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Callahan Slashes Expenses, Boosts Strategic Activity

Under Dennis Callahan's management, strategic outsourcing initiatives and careful project management have lead to a dramatic drop in technology costs at The Guardian.

In the '50s, when kids in New York City were brandishing affinities for the Dodgers, Yankees or Giants, a 12-year-old Dennis Callahan, after school and on Saturdays, was busily hacking away on computers. Callahan, who rooted for the Yankees (and still does with just as much fervor), wasawarded National Science Foundation grants through Columbia and St. John's Universities, before most Americans had a color TV.

To say that the young Callahan—who also enjoyed model trains, stamp collecting and handball—was ahead of his time is a huge understatement. "In the late '60s, I was in my early 20s and had 10 years of experience in computers," relates Callahan, who grew up to be senior vice president and chief information officer, Guardian Life Insurance Company of America (New York, $32 billion in assets). "That experience made me somewhat attractive and unusual, so I succumbed to a career in information technology."

Despite his early immersion in computers, Callahan, who holds a bachelor's degree in mathematics, planned on becoming a math researcher and educator. He started his collegiate career at MIT but had to drop out because of illness. A determined Callahan finished what he describes as a well-rounded education at New York University. Although he started working towards a computer science master's degree, the scale of his interest was tipped toward other work he was doing at the time. "I was so turned on to the financial services products created at Standard and Poor's," explains Callahan. "I decided to put all of my energy into that."

IT Expenses Down 17.5%

Luckily for S&P and a long list of other employers that followed, including Goldman Sachs, Wellington Management, Fidelity and AIG, everything that Callahan touches seems to turn to gold. Just ask his current employer, which charged him with driving Guardian's expenses down through more effective use of financial and human resources. Not only has he reduced his IT expenses by 17.5 percent from 2000, but, at a time when many CIOs are struggling to keep their heads above water, he is driving new enterprise architecture, data warehouses and field technology initiatives that "were not even contemplated two years ago," he reports. Additionally, Guardian's 2003 expenses are expected to be down a whopping 21.5 percent from 2000. "While Guardian has cut the spend," explains Callahan, "it has not cut the activity at all—that has actually increased."

IT dollars are available for strategic spends because nine percent of the budget, for instance, is saved by outsourcing IT functions offshore to Patni (Mumbai) and Covansys (Farmington Hills, MI). Callahan stresses the importance of management and control of functions that are outsourced.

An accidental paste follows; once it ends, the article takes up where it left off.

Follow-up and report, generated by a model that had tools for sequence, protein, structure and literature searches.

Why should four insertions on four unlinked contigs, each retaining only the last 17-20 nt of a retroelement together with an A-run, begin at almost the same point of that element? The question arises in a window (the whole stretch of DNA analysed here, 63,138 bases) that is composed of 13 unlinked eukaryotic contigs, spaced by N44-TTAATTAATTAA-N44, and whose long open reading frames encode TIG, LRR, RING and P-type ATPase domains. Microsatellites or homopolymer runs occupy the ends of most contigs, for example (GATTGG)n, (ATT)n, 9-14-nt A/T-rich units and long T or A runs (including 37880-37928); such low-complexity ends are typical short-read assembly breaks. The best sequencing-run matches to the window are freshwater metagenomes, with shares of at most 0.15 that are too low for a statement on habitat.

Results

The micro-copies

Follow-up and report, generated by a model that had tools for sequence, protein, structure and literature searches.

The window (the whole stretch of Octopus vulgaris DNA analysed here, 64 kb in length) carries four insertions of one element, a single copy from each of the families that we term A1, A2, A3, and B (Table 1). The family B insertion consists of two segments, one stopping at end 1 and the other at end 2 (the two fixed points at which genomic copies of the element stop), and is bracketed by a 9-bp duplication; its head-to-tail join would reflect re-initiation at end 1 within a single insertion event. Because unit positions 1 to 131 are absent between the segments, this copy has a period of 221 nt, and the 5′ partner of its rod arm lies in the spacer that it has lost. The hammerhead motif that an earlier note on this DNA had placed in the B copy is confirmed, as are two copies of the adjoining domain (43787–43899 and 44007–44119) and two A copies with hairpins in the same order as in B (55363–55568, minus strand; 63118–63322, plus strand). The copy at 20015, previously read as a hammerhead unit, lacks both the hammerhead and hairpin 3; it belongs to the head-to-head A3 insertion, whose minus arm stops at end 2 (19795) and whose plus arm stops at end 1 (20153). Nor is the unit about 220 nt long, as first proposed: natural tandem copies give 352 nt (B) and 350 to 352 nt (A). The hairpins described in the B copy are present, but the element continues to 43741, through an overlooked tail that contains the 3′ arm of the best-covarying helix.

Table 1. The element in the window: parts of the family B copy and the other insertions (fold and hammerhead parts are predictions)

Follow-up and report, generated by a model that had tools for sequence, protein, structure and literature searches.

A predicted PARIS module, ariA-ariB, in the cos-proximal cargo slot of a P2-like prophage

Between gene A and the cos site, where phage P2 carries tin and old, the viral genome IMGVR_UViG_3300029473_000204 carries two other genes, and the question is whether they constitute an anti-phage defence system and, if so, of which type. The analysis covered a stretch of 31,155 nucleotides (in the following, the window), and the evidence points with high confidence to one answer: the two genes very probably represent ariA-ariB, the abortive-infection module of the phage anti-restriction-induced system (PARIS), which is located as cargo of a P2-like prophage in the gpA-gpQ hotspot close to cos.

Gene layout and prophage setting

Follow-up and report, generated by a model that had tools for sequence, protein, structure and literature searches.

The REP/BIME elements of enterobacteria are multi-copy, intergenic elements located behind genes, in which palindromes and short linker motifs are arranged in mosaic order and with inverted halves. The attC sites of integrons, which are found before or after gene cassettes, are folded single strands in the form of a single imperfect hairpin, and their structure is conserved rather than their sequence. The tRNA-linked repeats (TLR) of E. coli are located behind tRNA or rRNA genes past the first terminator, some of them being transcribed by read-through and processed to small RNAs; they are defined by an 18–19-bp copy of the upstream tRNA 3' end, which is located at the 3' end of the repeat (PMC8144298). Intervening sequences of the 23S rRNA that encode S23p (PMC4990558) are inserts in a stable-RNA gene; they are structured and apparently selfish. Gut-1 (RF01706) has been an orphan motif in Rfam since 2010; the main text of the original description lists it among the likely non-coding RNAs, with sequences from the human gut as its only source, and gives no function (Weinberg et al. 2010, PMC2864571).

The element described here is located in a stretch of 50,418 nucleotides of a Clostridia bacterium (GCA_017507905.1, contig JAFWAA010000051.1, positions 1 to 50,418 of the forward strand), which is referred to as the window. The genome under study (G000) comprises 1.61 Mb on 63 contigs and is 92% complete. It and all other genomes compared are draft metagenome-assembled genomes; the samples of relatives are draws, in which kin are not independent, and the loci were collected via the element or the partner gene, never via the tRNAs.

What makes him an expert? Callahan has been outsourcing IT functions offshore for 20 years. In fact, he was the one who sold Guardian's business segment heads on the idea. So impressed was Guardian's CEO, Joseph Sargent, with Callahan's outsourced cost-cutting measures, which include programming and desktop support, that he's given the CIO a mandate to drive exploration of outsourcing corporately for business processes. Currently, event planning, travel services and cash management are outsourced.

The economic downturn has not affected Callahan's approach to spending because he began employing cost-cutting techniques at a time when many CIOs were spending generously. "When I came to Guardian in 2000, I was given a charter to drive change faster and higher and turn around a 30 percent growth rate," says Callahan. "CIOs are doing today what I had a 12- to 18-month head-start on." Among his cost-cutting measures, Callahan counts the building of substantial vendor relationships with companies such as IBM, Microsoft and CSC, "so that they will be aggressive with Guardian on price."

Additionally, Callahan keeps Guardian's IT organization lean and mean by staying attuned to the business needs. He says this involves building good relationships and communicating well with business executives who don't understand technology, as well as those who don't want to understand it. Callahan's effective business/technology relationship building is the means by which he arrives at the most satisfying part of his job: "having a pervasive and positive business impact."

Implementing the right kinds of projects to arrive at that end, however, is a challenge. "It's been my experience that in any given year you wind up doing 70 percent of projects planned and 30 percent of things that might not have been contemplated at the start of the year. You need to constantly rebalance the portfolio based on the priorities of the day," he says.

Guardian's IT organization, according to Callahan, is careful to prove that projects will reap justifiable returns. Currently proposed plans must undergo an end-to-end business case process to ensure payback. This way, Guardian "knows exactly where it stands. If we see variance we will reexamine the ROI," he explains. Guardian has installed the Primavera (Bala Cynwyd, PA) enterprise project management suite and integrated it with the insurer's financial systems. "We've built a jet plane and have instrumentation in the cockpit," according to Callahan. "That makes us confident that we will arrive where we want to arrive, when we want to arrive."



Senior Vice President and Chief Information Officer, Guardian Life Insurance Company of America

SIZE OF IT STAFF: 525 firm-wide.

INTERESTS/HOBBIES: Theater arts, wine collecting, wine Internet groups, church discussions and social activities.

LAST BOOK READ: "Insomnia," by Steven King

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